2013 update: The paper plant is now officially closed.   

 

Tags: Russia, industry, labor, environment, economic, water, pollution, environment modify, unit 6 industry.

Scooped by gina lockton
Scoop.it!

Sydney's global economic corridor

Sydney's global economic corridor | SDEHS Geography | Scoop.it
A proliferation of knowledge based firms clustered in Sydney's inner suburbs present an uplifting counter-narrative to Australia's recent manufacturing gloom. Matt Wade and Sophia Phan report.
gina lockton's insight:

an interesting snippet for Urban Geography

more...
Sally Egan's curator insight, March 12, 2014 7:13 PM

Great relevance to Sydney case study and changing economic character of the city.

Rescooped by gina lockton from DSODE HSC Geography
Scoop.it!

Development at Woolloomooloo

Development at Woolloomooloo | SDEHS Geography | Scoop.it

New luxury apartments for Woolloomoolloo.


Via dilaycock, Sally Egan
gina lockton's insight:

Check this out - just next to SDEHS - Urban Development- Sydney Case study

more...
Sally Egan's curator insight, August 27, 2013 3:00 AM

A new development within Sydney. Great fior the case study of Sydney as a large city from teh developed world or for a study of an urban dynamic in a suburb.

Bec Seeto's curator insight, October 30, 2014 6:00 PM

A new development within Sydney. Great fior the case study of Sydney as a large city from teh developed world or for a study of an urban dynamic in a suburb.

Rescooped by gina lockton from Urban Dynamics - Sydney
Scoop.it!

Box seat

Box seat | SDEHS Geography | Scoop.it
An apartment block in Waterloo is the first with an outdoor cinema.

Via Kate Corcoran
gina lockton's insight:

Urban Consolidation - Sydney Case Study

more...
Kate Corcoran's curator insight, August 20, 2013 7:26 PM

A great read on the advantages of urban consolidation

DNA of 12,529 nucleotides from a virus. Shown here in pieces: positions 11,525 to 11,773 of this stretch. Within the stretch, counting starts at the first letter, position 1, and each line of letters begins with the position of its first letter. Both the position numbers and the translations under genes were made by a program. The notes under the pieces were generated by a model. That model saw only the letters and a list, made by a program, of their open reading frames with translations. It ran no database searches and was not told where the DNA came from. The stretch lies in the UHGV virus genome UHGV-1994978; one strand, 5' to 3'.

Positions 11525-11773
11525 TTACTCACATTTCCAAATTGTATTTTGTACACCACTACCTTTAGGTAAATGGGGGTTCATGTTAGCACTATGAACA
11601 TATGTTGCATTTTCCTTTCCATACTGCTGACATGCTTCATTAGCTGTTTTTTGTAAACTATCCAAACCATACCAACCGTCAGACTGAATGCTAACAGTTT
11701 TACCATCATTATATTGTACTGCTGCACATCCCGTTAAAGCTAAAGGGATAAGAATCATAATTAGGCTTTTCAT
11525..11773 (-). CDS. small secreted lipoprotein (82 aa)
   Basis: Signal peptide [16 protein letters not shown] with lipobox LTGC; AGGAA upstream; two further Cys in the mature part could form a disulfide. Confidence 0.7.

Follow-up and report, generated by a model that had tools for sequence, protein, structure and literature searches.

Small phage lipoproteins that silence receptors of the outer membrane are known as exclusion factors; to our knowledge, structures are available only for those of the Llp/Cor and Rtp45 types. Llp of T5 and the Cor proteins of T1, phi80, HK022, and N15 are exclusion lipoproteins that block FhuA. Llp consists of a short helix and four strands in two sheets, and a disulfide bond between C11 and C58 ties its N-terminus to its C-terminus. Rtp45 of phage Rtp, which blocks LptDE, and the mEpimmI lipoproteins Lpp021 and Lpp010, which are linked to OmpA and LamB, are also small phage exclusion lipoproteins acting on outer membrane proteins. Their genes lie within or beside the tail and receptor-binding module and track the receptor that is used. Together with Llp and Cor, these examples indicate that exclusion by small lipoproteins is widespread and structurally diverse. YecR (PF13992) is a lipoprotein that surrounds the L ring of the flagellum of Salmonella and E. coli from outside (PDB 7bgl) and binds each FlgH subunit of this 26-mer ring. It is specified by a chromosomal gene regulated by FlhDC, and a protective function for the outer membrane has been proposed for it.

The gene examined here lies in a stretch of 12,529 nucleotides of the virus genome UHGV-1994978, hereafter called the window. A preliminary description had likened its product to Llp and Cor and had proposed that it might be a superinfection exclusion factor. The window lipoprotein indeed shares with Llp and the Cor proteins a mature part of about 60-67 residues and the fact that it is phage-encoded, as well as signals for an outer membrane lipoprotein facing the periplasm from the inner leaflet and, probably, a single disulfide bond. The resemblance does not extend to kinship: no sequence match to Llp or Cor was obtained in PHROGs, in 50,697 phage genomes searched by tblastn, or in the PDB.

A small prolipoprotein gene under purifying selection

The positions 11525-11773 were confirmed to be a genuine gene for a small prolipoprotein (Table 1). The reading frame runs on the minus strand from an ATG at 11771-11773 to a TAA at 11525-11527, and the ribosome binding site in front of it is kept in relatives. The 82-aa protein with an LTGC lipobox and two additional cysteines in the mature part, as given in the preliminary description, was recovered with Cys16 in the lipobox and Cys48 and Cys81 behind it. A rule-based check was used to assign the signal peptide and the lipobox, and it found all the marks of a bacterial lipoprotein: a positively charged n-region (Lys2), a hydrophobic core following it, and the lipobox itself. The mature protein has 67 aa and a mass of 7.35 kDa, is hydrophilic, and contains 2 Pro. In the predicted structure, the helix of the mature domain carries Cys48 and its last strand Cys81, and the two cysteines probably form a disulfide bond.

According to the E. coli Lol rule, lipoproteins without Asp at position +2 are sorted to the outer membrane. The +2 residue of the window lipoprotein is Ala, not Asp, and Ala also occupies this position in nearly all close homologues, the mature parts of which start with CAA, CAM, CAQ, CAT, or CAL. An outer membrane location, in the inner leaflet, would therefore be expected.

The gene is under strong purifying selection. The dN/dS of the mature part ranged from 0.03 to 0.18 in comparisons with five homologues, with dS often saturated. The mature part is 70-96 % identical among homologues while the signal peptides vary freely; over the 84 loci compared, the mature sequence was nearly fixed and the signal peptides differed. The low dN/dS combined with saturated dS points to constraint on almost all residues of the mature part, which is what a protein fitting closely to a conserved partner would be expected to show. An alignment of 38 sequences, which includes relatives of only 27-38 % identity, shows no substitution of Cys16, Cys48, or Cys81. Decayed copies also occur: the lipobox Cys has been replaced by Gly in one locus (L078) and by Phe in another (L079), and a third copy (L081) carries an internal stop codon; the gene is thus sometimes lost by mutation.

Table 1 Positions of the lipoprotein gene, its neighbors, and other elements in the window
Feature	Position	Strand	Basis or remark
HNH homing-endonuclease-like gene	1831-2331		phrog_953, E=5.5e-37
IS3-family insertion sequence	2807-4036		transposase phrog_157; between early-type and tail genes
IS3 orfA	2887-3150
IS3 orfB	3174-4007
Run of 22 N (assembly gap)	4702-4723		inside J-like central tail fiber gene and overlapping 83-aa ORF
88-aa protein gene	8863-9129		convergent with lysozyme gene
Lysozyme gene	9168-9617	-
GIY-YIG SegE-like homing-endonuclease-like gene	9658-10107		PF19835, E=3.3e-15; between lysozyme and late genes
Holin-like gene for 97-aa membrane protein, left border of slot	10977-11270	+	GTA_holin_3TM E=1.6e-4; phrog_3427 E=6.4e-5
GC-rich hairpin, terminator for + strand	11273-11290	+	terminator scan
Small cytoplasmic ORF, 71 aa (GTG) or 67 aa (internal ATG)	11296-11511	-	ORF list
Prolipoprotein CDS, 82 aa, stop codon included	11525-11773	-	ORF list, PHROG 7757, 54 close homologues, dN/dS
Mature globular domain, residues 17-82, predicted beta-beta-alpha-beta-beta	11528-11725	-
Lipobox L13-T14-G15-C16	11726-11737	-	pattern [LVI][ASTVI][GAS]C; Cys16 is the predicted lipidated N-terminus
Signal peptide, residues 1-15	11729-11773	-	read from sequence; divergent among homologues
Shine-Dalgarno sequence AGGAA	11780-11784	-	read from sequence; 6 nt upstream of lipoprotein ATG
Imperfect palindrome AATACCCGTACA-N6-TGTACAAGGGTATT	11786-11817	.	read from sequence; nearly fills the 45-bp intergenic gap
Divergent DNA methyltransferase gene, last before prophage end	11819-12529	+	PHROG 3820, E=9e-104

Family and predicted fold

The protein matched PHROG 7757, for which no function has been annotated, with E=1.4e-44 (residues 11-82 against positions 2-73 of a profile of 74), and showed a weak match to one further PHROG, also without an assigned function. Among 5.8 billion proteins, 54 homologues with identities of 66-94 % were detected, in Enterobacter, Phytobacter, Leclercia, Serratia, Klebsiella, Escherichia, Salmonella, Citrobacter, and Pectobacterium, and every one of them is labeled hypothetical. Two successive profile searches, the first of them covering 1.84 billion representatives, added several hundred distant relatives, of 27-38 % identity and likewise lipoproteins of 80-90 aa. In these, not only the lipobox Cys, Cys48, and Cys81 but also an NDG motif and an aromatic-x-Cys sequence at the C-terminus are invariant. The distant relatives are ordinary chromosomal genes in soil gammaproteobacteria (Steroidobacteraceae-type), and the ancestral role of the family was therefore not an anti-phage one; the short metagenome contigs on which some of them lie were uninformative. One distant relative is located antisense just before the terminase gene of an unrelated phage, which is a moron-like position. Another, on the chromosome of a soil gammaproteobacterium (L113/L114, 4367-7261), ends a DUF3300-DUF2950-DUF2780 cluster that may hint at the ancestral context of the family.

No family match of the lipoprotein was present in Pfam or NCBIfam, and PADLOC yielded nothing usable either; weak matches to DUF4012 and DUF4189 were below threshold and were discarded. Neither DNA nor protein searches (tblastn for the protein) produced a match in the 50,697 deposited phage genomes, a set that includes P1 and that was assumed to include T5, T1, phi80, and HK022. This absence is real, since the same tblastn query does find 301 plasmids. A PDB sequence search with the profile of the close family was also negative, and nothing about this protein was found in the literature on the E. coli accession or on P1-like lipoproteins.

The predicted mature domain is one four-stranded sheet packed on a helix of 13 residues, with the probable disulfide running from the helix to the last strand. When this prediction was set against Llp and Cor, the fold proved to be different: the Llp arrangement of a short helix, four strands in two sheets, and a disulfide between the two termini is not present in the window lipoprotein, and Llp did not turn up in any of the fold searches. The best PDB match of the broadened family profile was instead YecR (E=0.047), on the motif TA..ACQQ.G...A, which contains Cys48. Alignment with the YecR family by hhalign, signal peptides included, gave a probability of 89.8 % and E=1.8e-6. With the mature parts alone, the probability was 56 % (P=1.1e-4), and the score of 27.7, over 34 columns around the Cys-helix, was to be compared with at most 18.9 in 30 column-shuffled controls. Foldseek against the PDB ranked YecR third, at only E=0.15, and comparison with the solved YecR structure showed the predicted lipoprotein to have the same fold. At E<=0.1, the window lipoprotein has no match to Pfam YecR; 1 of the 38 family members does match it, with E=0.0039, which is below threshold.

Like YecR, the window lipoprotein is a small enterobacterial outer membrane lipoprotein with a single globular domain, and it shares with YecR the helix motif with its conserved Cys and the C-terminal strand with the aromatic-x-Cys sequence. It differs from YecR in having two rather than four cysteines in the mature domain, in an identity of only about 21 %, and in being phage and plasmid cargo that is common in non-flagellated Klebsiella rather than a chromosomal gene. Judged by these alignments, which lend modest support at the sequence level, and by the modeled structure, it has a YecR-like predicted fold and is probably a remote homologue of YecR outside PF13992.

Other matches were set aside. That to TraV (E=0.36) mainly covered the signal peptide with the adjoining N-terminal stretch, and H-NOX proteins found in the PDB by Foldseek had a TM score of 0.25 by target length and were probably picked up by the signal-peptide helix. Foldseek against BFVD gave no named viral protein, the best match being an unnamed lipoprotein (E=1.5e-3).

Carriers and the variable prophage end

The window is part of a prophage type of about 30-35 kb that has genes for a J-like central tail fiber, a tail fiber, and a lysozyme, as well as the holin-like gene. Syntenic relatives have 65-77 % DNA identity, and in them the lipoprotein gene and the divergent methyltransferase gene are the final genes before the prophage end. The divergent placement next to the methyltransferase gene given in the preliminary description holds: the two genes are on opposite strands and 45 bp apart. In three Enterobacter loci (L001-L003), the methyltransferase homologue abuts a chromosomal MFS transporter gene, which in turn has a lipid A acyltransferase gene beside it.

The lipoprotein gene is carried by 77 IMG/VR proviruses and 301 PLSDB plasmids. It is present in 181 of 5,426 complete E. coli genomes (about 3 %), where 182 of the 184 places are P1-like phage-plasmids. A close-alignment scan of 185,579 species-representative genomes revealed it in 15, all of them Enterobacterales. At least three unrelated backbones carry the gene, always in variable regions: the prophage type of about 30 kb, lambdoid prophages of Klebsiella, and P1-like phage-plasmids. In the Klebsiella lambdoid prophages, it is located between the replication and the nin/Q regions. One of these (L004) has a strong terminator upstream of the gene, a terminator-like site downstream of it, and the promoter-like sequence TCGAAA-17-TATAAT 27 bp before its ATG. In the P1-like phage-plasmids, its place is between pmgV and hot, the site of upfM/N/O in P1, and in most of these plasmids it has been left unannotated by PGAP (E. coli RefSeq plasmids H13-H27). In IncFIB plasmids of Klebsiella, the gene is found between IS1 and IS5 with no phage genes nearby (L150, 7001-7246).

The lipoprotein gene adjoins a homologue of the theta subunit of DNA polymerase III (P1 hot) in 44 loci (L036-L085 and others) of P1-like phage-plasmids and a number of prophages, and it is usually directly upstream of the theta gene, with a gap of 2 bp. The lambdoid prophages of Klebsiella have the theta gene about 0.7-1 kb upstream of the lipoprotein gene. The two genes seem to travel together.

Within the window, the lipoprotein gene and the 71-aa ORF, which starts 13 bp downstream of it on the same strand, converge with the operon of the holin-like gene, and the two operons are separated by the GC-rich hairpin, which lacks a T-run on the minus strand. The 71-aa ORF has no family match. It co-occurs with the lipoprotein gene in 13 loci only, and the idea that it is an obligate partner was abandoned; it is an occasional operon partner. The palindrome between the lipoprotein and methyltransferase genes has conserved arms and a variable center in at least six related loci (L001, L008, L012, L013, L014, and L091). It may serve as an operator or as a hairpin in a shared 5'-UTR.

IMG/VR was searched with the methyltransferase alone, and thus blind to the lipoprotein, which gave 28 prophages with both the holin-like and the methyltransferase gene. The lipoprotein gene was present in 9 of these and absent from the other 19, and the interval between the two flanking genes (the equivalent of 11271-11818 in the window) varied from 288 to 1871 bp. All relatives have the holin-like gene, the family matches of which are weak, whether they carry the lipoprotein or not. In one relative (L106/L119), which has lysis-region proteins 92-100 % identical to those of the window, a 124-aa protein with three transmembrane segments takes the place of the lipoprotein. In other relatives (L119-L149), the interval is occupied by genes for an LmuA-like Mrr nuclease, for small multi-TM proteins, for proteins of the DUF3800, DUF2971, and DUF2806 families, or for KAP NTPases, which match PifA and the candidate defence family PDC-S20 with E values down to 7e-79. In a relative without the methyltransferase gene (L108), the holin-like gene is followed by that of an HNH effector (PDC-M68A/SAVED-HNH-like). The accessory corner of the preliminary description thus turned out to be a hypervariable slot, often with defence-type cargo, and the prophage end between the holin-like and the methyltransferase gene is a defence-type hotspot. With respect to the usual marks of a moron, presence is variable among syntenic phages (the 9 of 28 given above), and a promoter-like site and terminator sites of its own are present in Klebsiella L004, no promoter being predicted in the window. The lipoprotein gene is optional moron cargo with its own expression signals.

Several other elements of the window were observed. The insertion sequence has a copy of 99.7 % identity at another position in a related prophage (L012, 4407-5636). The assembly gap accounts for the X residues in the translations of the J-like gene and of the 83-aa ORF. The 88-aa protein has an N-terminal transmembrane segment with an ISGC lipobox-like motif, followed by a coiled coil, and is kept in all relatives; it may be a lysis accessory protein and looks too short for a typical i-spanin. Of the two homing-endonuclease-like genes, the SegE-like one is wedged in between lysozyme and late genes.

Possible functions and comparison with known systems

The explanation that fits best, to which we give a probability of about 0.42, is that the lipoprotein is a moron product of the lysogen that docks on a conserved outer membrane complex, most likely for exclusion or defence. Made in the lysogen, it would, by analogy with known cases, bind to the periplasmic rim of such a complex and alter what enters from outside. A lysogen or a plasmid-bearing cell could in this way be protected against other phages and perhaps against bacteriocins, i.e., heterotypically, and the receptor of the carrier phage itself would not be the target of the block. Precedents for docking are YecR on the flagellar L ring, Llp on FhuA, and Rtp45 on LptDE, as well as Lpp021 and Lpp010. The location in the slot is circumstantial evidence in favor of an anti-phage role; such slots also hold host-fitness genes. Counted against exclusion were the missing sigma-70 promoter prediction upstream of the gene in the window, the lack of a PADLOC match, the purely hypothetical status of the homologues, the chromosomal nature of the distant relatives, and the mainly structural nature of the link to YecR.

Rescooped by gina lockton from DSODE HSC Geography
Scoop.it!

City's main rail corridor plan attracts global developers

City's main rail corridor plan attracts global developers | SDEHS Geography | Scoop.it
The architecture firm behind the world's tallest building has signalled it wants to develop Sydney's main rail corridor, as the state government fields global interest in a project to remake the central business district's southern edge.

Via dilaycock, Sally Egan
gina lockton's insight:

Sydney - Urban Case Study - good contemporary information

more...
Sally Egan's curator insight, August 27, 2013 3:02 AM

Useful for studying Sydney.

Sally Egan's curator insight, November 7, 2013 6:15 AM

Case study of Sydney. 

Rescooped by gina lockton from Geography in the classroom
Scoop.it!

City's main rail corridor plan attracts global developers

City's main rail corridor plan attracts global developers | SDEHS Geography | Scoop.it
The architecture firm behind the world's tallest building has signalled it wants to develop Sydney's main rail corridor, as the state government fields global interest in a project to remake the central business district's southern edge.

Via dilaycock
more...
Sally Egan's curator insight, August 27, 2013 3:02 AM

Useful for studying Sydney.

gina lockton's curator insight, August 27, 2013 5:55 AM

Sydney - Urban Case Study - good contemporary information

Sally Egan's curator insight, November 7, 2013 6:15 AM

Case study of Sydney. 

Rescooped by gina lockton from DSODE HSC Geography
Scoop.it!

Learn - City of Sydney

Learn - City of Sydney | SDEHS Geography | Scoop.it
Discover the stories behind Sydney’s past and present, including demographics, history and archives.

Via Sally Egan
gina lockton's insight:

Urban - worth the read on SYDNEY

more...
Sally Egan's curator insight, June 27, 2013 9:32 AM

Useful overview of Sydney for the case study of Sydney as a large city form the developed world. Use as a starting point for understanding the natur of the city, changes and the resukts of the urban dynamics that have shaped the city.

Sally Egan's curator insight, November 7, 2013 6:17 AM

Worth the read relating to case study of Sydney.

Scooped by gina lockton
Scoop.it!

Paying huge Sydney prices for tiny places

Paying huge Sydney prices for tiny places | SDEHS Geography | Scoop.it
A GARAGE that is more expensive than a family home, a single carpark costing a year's wages, a tiny storage cage the price of a family car.
gina lockton's insight:

Urban Geography: Sydney Case Study

more...
Sally Egan's curator insight, August 1, 2013 7:30 PM

Appropriate data for the study of Sydney and the changing nature and cost of residential property in Sydney.